MINNEAPOLIS (WCCO) – When Joe Yapp was diagnosed with autism at the age of three, he refused to be hugged.
Now, thanks to Fraser, he can finally both give and receive one.
Joe was hypersensitive to sounds and other sensations, and “would fly off the handle at any given moment,” according to his mother, Mary Yapp.
She and her husband turned to Fraser to help with their son’s needs.
For years, the couple would drive Joe to a Fraser clinic in Minneapolis for afternoon day treatments.
The commute was difficult and time-consuming, but absolutely necessary.
“My husband who worked in St. Paul would leave his downtown office, drive to Woodbury from daycare, drive back to Minneapolis to drop him off at Fraser and go back to work in St. Paul,” Mary Yapp said. “Then he’d repeat the trip at the end of our son’s appointment.”
On June 25, Fraser opened a location in Woodbury. The facility is the organization’s seventh mental health clinic in the Twin Cities.
The state-of-the-art clinic is built with sensory perception of the building’s environment.
Families will notice a soothing environment created specifically for children fighting hypersensitivity, which is often associated with autism.
“It touches your soul in a way,” Mary Yapp said.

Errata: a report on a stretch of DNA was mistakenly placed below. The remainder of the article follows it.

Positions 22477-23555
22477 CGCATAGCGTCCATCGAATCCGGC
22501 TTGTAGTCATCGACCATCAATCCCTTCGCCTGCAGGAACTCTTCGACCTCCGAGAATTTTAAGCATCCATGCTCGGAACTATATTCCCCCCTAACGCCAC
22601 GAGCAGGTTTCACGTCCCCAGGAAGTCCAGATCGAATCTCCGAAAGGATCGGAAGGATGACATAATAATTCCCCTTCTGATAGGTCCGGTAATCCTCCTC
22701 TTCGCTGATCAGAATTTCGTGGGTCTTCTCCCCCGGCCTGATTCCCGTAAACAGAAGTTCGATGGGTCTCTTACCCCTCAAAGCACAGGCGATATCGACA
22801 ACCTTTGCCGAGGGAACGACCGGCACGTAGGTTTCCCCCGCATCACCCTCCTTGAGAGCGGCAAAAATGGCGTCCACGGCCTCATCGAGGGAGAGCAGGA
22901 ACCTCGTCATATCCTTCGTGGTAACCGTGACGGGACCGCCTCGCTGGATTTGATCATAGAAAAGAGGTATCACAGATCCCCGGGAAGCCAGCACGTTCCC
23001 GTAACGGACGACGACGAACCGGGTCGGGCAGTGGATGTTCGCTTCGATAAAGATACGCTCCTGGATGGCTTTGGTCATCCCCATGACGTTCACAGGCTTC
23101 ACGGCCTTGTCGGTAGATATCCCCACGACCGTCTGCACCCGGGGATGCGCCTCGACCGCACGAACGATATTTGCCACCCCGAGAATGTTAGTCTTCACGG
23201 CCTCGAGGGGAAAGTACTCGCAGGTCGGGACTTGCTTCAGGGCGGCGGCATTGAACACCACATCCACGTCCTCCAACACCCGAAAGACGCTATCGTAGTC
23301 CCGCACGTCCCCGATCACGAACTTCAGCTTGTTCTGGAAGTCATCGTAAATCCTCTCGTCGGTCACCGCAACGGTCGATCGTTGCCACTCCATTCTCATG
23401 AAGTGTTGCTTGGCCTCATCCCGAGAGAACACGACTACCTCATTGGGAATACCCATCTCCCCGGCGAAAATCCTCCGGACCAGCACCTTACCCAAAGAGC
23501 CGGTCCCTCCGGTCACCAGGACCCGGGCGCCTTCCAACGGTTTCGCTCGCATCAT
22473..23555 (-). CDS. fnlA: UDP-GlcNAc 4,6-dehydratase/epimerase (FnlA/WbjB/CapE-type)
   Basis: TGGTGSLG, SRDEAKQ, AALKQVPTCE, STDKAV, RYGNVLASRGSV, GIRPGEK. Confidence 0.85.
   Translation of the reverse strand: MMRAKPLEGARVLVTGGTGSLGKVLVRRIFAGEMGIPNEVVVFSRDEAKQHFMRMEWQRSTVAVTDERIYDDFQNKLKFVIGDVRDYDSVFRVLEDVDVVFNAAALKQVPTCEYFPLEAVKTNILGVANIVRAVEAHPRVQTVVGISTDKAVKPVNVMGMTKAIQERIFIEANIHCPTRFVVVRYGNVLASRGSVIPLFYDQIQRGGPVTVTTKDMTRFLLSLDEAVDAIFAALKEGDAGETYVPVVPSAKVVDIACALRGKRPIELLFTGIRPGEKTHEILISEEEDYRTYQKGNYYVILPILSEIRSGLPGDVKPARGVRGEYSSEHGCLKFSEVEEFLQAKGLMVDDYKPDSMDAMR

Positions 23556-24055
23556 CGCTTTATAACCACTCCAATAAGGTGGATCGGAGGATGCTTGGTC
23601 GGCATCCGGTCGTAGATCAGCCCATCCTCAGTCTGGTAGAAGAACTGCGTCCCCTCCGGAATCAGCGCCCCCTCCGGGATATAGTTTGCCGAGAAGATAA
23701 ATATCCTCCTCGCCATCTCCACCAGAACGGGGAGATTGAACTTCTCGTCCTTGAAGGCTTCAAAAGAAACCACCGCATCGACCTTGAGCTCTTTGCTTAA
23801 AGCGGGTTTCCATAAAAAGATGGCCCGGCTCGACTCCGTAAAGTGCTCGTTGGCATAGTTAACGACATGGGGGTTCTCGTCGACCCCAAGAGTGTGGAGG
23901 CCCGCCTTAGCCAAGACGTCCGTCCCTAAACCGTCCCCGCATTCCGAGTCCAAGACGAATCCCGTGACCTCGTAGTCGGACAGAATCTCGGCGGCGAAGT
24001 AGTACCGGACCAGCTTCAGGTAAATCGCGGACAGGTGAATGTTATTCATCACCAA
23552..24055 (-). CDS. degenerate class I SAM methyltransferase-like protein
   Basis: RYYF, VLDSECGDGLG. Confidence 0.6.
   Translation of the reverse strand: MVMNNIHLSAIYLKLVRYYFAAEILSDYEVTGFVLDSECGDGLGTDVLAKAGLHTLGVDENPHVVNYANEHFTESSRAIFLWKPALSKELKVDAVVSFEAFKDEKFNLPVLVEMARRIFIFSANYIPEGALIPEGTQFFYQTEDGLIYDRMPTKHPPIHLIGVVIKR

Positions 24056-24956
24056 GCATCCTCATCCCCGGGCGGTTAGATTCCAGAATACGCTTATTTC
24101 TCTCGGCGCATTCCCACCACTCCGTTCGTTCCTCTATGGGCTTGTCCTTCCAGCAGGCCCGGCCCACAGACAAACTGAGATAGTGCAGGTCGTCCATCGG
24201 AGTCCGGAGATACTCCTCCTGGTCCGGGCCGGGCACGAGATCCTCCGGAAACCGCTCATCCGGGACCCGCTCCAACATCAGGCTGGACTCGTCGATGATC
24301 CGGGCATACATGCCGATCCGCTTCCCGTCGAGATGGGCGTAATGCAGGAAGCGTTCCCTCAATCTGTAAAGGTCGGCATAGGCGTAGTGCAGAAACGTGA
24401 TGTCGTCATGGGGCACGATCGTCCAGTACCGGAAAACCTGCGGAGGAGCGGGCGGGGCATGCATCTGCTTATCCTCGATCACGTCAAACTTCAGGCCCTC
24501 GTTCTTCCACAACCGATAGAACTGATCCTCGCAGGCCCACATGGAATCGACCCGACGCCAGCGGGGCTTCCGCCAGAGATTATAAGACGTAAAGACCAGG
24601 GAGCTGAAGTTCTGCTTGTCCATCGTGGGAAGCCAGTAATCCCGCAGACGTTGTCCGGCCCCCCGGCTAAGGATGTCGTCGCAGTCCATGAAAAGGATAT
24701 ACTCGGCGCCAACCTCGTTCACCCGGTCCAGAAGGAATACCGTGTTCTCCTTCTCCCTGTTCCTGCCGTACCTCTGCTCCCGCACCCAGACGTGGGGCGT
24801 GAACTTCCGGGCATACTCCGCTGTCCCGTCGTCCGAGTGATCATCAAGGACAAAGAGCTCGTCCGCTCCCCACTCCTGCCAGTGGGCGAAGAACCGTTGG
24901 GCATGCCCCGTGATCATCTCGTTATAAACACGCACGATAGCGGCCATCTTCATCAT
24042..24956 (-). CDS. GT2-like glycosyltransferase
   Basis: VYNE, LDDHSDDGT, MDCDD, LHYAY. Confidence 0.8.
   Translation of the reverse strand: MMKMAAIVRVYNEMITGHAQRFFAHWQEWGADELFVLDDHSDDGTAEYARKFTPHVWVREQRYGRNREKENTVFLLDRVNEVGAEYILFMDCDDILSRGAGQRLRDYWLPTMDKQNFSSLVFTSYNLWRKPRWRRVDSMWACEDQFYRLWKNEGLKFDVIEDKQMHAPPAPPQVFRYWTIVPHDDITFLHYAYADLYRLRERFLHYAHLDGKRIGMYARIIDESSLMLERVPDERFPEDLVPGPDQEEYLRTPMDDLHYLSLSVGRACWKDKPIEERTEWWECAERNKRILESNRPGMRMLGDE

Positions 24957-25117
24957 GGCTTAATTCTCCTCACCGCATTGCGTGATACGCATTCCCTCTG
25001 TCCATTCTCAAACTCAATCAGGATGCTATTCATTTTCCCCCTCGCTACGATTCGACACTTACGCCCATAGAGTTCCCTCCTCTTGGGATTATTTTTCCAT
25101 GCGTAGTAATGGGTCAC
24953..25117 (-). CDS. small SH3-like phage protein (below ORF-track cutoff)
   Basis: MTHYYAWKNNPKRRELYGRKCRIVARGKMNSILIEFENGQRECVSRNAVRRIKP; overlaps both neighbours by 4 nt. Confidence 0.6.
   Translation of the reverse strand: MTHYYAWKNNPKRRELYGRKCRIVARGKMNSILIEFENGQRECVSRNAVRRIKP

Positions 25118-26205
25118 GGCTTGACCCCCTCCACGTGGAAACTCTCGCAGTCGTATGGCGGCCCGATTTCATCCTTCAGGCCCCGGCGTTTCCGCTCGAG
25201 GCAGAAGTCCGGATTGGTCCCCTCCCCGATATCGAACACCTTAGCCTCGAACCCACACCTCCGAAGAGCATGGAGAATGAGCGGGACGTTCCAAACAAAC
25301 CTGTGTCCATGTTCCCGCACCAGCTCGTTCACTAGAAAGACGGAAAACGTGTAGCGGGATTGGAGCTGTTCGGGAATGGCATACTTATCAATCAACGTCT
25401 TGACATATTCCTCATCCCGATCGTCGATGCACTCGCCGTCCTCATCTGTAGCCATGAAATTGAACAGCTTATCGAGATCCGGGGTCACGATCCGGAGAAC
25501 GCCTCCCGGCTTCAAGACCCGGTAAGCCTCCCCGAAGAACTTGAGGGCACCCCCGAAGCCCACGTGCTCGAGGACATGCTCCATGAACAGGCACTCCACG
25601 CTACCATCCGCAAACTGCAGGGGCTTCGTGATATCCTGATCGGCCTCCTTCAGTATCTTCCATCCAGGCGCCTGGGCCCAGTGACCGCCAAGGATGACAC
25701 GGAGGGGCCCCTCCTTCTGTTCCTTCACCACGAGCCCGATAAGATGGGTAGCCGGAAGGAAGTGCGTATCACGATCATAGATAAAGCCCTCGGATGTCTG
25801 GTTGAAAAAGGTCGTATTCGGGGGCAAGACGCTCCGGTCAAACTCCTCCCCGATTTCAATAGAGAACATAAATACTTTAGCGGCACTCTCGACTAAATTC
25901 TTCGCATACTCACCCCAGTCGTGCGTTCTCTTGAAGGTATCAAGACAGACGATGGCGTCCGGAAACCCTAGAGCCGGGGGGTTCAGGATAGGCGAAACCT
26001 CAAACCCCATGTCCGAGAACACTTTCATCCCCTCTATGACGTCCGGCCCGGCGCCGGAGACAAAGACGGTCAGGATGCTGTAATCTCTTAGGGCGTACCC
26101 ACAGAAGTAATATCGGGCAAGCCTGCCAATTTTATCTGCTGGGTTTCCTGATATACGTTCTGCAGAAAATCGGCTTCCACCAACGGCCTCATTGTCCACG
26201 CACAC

Steven Orfield helped design the clinic to reduce the noise of the air conditioning system.
“It’s the first in the world to use these standards,” Orfield said.
The clinic also has soft walls colors, murals and carpeting. Even the lighting schemes depend on diffused light, much of it natural daylight.
The purpose is to minimize the slightest distractions.
The layout of the hallways and corridors are also easier to navigate for a child with autism.
“We wanted everyone from the children to their families to feel that this is a building where they are and know where they’re going,” said Brian Larson, a senior project designer with Pope Architect.
Fraser’s new location will make receiving services easier for families like the Yapps.
“We cannot say thank you enough to the donors who have made this possible,” Mary Yapp said.
Fraser serves 10,200 individuals and their families each year with programs and services.